"Oh, my dearest boy, don't, don't say that! I forgot youwere rich when I said `Yes'. I'd have married you if you hadn'ta penny, and I sometimes wish you were poor that I might showhow much I love you." And Amy, who was very dignified in publicand very fond in private, gave convincing proofs of the truth ofher words.
"You don't really think I am such a mercenary creature asI tried to be once, do you? It would break my heart if youdidn't believe that I'd gladly pull in the same boat with you,even if you had to get your living by rowing on the lake."2
"Am I an idiot and a brute? How could I think so, whenyou refused a richer man for me, and won't let me give you halfI want to now, when I have the right? Girls do it every day,poor things, and are taught to think it is their only salvation,but you had better lessons, and though I trembled for you atone time, I was not disappointed, for the daughter was true tothe mother's teaching. I told Mamma so yesterday, and shelooked as glad and grateful as if I'd given her a check for amillion, to be spent in charity. You are not listening to mymoral remarks, Mrs. Laurence." And Laurie paused, for Amy'seyes had an absent look, though fixed upon his face.
"Yes, I am, and admiring the mple in your chin at thesame time. I don't wish to make you vain, but I must confessthat I'm prouder of my handsome husband than of all his money.Don't laugh, but your nose is such a comfort to me." And Amysoftly caressed the well-cut feature with artistic satisfaction.
Laurie had received many compliments in his life, but neverone that suited him better, as he plainly showed though he didlaugh at his wife's peculiar taste, while she said slowly, "MayI ask you a question, dear?"
"Of course, you may."
"Shall you care if Jo does marry Mr. Bhaer?"
"Oh, that's the trouble is it? I thought there was somethingin the dimple that didn't quite suit you. Not being a dog in themanger, but the happiest fellow alive, I assure you I can danceat Jo's wedding with a heart as light as my heels. Do you doubtit, my darling?"
Amy looked up at him, and was satisfied. Her little jealousfear vanished forever, and she thanked him, with a face full oflove and confidence.
"I wish we could do something for that capital old Professor.Couldn't we invent a rich relation, who shall obligingly die outthere in Germany, and leave him a tidy little fortune?" said Laurie,when they began to pace up and down the long drawing room, arm inarm, as they were fond of doing, in memory of the chateau garden.
"Jo would find us out, and spoil it all. She is very proudof him, just as he is, and said yesterday that she thought povertywas a beautiful thing."
"Bless her dear heart! She won't think so when she has aliterary husband, and a dozen little professors and professorinsto support. We won't interfere now, but watch our chance, anddo them a good turn in spite of themselves. I owe Jo for a partof my education, and she believes in people's paying their honestdebts, so I'll get round her in that way."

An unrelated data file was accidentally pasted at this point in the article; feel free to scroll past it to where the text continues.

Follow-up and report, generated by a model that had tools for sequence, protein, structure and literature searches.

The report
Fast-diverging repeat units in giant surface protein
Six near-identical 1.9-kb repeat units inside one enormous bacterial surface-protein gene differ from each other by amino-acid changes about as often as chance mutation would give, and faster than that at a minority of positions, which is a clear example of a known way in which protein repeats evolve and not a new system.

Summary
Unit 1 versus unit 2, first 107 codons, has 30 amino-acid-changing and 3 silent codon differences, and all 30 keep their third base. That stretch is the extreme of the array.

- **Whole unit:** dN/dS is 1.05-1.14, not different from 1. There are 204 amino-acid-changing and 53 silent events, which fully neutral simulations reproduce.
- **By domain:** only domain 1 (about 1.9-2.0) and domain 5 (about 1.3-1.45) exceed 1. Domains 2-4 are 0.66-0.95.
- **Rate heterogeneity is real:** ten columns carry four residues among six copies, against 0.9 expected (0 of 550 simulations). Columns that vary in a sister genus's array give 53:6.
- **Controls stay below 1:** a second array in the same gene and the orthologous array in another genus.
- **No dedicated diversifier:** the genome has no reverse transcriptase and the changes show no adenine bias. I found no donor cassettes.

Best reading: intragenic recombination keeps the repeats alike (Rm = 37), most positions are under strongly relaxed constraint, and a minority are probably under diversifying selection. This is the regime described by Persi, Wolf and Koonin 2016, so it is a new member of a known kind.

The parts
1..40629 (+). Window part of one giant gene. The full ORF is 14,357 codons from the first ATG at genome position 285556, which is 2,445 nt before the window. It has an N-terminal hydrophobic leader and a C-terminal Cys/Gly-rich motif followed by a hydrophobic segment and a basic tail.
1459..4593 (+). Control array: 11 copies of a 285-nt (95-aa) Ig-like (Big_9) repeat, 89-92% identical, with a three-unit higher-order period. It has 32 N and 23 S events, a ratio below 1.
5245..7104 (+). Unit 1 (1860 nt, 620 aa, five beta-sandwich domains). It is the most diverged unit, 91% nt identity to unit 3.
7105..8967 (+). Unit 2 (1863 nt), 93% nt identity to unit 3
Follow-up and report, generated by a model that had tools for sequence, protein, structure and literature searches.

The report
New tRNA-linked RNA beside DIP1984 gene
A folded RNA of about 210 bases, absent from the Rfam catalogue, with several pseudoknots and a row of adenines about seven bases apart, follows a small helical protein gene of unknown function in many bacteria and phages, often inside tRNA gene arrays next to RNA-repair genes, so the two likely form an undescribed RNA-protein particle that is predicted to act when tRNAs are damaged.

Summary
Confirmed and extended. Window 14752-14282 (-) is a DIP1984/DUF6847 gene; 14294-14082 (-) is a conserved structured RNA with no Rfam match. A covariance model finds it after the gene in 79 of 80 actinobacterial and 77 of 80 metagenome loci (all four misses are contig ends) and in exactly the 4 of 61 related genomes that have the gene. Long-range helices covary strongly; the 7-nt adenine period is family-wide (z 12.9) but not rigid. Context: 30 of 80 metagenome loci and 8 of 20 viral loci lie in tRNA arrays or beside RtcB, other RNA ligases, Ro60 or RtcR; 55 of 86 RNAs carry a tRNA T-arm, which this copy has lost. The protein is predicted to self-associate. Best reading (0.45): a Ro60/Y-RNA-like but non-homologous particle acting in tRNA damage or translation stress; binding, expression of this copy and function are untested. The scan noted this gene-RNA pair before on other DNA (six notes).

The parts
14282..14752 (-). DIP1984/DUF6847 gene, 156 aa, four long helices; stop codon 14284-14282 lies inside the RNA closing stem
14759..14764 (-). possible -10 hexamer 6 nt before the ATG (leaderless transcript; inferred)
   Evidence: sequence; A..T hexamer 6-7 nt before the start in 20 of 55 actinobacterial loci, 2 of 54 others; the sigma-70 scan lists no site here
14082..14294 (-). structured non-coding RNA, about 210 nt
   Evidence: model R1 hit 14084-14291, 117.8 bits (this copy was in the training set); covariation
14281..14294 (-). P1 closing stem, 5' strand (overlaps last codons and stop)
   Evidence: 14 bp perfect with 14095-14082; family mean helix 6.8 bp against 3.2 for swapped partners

"How delightful it is to be able to help others, isn't it?That was always one of my dreams, to have the power of givingfreely, and thanks to you, the dream has come true."
"Ah, we'll do quantities of good, won't we? There's onesort of poverty that I particularly like to help. Out-and-outbeggars get taken care of, but poor gentle folks fare badly,because they won't ask, and people don't dare to offer charity.Yet there are a thousand ways of helping them, if one onlyknows how to do it so delicately that it does not offend. Imust say, I like to serve a decayed gentleman better than ablarnerying beggar. I suppose it's wrong, but I do, though itis harder."
"Because it takes a gentleman to do it," added the othermember of the domestic admiration society.
"Thank you, I'm afraid I don't deserve that pretty compliment.But I was going to say that while I was dawdling about abroad, Isaw a good many talented young fellows making all sorts of sacrifices,and enduring real hardships, that they might realize their dreams.Splendid fellows, some of them, working like heros, poorand friendless, but so full of courage, patience, and ambitionthat I was ashamed of myself, and longed to give them a rightgood lift. Those are people whom it's a satisfaction to help,for if they've got genius, it's an honor to be allowed toserve them, and not let it be lost or delayed for want of fuelto keep the pot boiling. If they haven't, it's a pleasure tocomfort the poor souls, and keep them from despair when they findit out."
"Yes, indeed, and there's another class who can't ask, andwho suffer in silence. I know something of it, for I belonged toit before you made a princess of me, as the king does the beggarmaidin the old story. Ambitious girls have a hard time, Laurie,and often have to see youth, health, and precious opportunitiesgo by, just for want of a little help at the right minute. Peoplehave been very kind to me, and whenever I see girls strugglingalong, as we used to do, I want to put out my hand and help them,as I was helped."
"And so you shall, like an angel as you are!" cried Laurie,resolving, with a glow of philanthropic zeal, to found and endowan institution for the express benefit of young women withartistic tendencies. "Rich people have no right to sit downand enjoy themselves, or let their money accumulate for othersto waste. It's not half so sensible to leave legacies when onedies as it is to use the money wisely while alive, and enjoymaking one's fellow creatures happy with it. We'll have a goodtime ourselves, and add an extra relish to our own pleasure bygiving other people a generous taste. Will you be a littleDorcal, going about emptying a big basket of comforts, andfilling it up with good deeds?"
"With all my heart, if you will be a brave St. Martin,stopping as you ride gallantly through the world to share yourcloak with the beggar."
"It's a bargain, and we shall get the best of it!"
So the young pair shook hands upon it, and then pacedhappily on again, feeling that their pleasant home was morehomelike because they hoped to brighten other homes, believingthat their own feet would walk more uprightly along the flowerypath before them, if they smoothed rough ways for other feet,and feeling that their hearts were more closely knit togetherby a love which could tenderly remember those less blest than they.